• Indiana State (8-5) at UTC (9-3)
• Saturday, 1 p.m., Finley Stadium
• 96.1 FM, ESPN3
Even without horn-rimmed glasses or a pocket protector, Josh Freeman is a football nerd. Knowing he lacks the size to match most of the mountainous linemen he faces in the trenches, the University of Tennessee at Chattanooga junior defensive tackle overcomes the physical disadvantage by spending hours studying opponents' video, then transferring what he learns onto the field.
And throughout his career as a three-year starter, more often than not the psychology major has used his intelligence and ability to diagram an opponent's weakness to win his battle.
"I never really think about the size thing on the field," said Freeman, who snickers at the fact he's listed at 6-foot in the program and admits he's maybe 5-foot-11 if he stands up really straight. "In high school it broke my heart when college coaches told me my height was the reason they weren't recruiting me. I pride myself on being smart, so I decided to use that, along with my strength and good leverage, as the way to equalize things and beat blocks.
"I feel like if I study film and have a good idea of what the other guy is going to try to do to me, chances are I'll be a step ahead."
Besides watching video with the team, Freeman often comes in early, stays after practice or even studies opponents' tape in his apartment room. That extra work has helped the 270-pounder maintain his starting job, ahead of former four-star prep All-American and likely future NFL draftee Derrick Lott.
Pro scouts who come to watch Lott and UTC All-America end Davis Tull at practice are surprised when they see the smaller Freeman trot onto the field with the starters, ahead of the 6-4, 305-pound Lott.
"We've got a policy among our D-linemen to say whatever you feel," UTC defensive line coach Marcus West said. "And I promise you, nobody in that room questions why Free is our starter. He's our most necessary piece up front. He's the quarterback on defense, the guy who makes sure everybody else is lined up where they should or makes the check calls to get us in the right places. He's about the only player that Davis Tull will take advice from -- that's how much respect he has.
"He starts because he just understands the game and studies more than anybody how to beat the guys lined up on the other side. Works in a space about the size of a phone booth but sees the whole field."
After a freshman season in which he was a starter, Freeman underwent shoulder surgery and showed up for spring workouts so out of shape (295 pounds) that coaches decided to redshirt him. Freeman admits he was angry at the time, but rather than pout about having to practice each day without getting to play on Saturdays, he showed up motivated to improve.
Still, he remembers standing on the sideline crying during several games during that 2012 season, knowing he wouldn't play.
"He realized how important the game is to him that year," West said. "His most important year was the year he redshirted. A lot of guys will take their redshirt year and just go through the motions. He competed with the scout team, against the starters, asked a bunch of questions and he got better.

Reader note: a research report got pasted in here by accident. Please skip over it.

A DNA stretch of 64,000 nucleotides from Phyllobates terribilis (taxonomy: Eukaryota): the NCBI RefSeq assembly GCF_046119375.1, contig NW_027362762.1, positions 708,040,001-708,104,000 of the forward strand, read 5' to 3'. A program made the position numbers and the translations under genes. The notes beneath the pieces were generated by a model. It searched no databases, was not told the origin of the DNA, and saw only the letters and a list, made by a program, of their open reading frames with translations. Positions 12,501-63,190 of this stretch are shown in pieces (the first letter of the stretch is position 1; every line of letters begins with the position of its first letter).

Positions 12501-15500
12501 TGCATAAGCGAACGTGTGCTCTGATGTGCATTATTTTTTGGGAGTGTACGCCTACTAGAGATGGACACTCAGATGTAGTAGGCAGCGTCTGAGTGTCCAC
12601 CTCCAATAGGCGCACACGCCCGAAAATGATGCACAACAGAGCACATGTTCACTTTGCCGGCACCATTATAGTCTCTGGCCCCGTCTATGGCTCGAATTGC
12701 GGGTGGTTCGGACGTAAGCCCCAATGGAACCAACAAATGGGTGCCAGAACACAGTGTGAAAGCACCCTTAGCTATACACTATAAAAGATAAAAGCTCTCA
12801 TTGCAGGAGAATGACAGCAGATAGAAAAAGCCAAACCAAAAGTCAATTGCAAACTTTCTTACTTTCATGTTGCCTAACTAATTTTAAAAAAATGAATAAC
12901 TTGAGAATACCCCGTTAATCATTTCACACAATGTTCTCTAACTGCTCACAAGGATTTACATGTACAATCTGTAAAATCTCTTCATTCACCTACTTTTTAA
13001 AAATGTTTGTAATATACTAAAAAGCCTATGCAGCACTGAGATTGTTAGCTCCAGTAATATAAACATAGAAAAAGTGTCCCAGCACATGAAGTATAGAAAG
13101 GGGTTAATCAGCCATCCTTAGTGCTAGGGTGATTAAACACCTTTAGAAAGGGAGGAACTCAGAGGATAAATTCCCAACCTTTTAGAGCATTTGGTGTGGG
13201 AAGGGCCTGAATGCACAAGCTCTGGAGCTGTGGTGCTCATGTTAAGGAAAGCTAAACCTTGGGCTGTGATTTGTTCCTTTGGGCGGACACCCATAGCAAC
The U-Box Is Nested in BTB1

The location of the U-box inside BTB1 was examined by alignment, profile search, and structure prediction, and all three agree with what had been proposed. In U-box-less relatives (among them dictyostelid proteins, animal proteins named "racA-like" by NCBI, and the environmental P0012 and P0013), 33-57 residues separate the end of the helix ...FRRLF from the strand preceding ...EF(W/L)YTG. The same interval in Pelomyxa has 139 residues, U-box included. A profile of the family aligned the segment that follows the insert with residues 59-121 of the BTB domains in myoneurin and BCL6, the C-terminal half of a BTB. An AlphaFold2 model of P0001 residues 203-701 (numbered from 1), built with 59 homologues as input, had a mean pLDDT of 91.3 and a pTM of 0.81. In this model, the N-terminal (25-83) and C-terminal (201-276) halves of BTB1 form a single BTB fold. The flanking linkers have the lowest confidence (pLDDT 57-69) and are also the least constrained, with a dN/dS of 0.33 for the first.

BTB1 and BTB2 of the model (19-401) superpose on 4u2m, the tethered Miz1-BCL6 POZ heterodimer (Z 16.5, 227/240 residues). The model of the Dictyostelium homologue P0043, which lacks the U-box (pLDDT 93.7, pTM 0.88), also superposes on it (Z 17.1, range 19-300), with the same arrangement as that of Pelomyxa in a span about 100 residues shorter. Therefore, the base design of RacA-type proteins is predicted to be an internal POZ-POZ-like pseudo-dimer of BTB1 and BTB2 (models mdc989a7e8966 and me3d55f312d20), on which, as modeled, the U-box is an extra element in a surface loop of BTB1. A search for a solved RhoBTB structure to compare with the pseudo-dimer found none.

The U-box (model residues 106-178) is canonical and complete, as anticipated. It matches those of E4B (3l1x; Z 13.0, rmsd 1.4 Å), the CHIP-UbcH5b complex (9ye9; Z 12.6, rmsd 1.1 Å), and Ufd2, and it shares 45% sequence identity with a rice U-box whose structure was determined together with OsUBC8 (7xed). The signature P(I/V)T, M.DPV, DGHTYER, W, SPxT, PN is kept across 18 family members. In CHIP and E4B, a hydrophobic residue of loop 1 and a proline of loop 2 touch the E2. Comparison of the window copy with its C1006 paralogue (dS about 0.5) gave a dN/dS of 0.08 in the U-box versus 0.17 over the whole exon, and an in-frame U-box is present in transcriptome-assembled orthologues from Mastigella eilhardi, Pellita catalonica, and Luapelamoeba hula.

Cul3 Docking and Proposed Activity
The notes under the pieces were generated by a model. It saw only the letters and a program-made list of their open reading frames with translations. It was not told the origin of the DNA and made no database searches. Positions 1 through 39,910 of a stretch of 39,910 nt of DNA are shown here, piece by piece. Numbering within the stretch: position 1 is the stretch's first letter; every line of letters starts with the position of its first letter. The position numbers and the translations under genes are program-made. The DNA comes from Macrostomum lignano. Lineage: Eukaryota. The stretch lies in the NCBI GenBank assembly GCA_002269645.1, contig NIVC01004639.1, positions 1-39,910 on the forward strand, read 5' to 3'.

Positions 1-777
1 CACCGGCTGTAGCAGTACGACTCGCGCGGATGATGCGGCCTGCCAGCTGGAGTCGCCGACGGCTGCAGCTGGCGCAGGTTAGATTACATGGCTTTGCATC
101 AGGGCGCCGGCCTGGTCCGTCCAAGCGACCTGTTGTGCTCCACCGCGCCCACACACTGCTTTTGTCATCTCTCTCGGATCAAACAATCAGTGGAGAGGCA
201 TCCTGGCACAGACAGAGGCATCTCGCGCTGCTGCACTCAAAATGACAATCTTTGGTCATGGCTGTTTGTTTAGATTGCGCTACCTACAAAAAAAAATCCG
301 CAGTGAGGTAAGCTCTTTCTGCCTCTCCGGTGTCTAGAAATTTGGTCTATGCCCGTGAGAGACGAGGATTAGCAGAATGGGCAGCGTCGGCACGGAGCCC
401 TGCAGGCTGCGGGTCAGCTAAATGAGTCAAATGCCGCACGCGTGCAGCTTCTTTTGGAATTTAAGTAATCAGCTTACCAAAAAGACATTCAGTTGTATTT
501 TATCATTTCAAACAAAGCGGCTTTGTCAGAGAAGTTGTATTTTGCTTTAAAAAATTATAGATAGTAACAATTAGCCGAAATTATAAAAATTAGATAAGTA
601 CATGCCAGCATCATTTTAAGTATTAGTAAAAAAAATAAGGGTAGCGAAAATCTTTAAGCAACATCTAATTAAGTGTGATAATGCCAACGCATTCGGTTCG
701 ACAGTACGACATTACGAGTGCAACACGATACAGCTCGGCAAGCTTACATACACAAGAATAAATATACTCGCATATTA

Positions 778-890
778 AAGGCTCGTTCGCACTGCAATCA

"In our first game last year he was the one on the sideline who spoke up and ripped into the whole defense for the way we were playing. I didn't know how guys would respond to that since he was just coming back and was only a sophomore, but they all got behind him. I knew right then that he had become our leader."
Freeman returned to the lineup last year with a greater appreciation for the game and turned in an All-Southern Conference season. He was voted one of four team captains for this season, a rarity for a junior, but was left off the postseason all-conference list despite comparable stats that included the same number of sacks (4) and one fewer tackle for loss (6.5).
Freeman came up with a huge momentum-shifting play in the Mocs' final regular-season game at Furman. Early in the second quarter, with the score tied and Furman driving, Freeman stuffed a fourth-and-1 run for a yard loss, and the Mocs followed with a scoring drive of their own to take the lead for good.
Freeman later explained that he knew what play was coming by recognizing the formation as being the same as Furman ran against UTC two years ago in short-yardage situations.
"He's one of the smartest football players I've ever played with," Tull said. "He's our whole nucleus, and I think this is the best year he's ever played. For us to have 22 all-conference players and not include Josh Freeman is a crime. He's a man out there."
Just moments after Indiana State had passed Eastern Kentucky dizzy with 36 unanswered points in last Saturday's first-round playoff beatdown, Freeman began sending text messages to his D-line teammates about UTC's second-round opponent.
Noting the Sycamores threw the ball 57 times, Freeman reminded his fellow linemen they would have plenty of chances to pressure quarterback Mike Perish, who was sacked just once by EKU. The Sycamores have thrown the ball 179 more times than they've run it this season, including 33 more passes than rushing attempts last week.
"It's exciting," Freeman said. "It's going to be a challenge because they don't just drop back and sling it. They know where they're going with it, they're huge up front and even that quarterback is a big guy. We've got to get to him as fast as possible and disrupt them.
"The best thing we have going is we rotate a lot of guys on the D-line and give them different styles of players rushing. For me it's a chance to go against a style we don't get to see a whole lot, and I like the challenge."
Contact Stephen Hargis at email@example.com or 423-757-6293.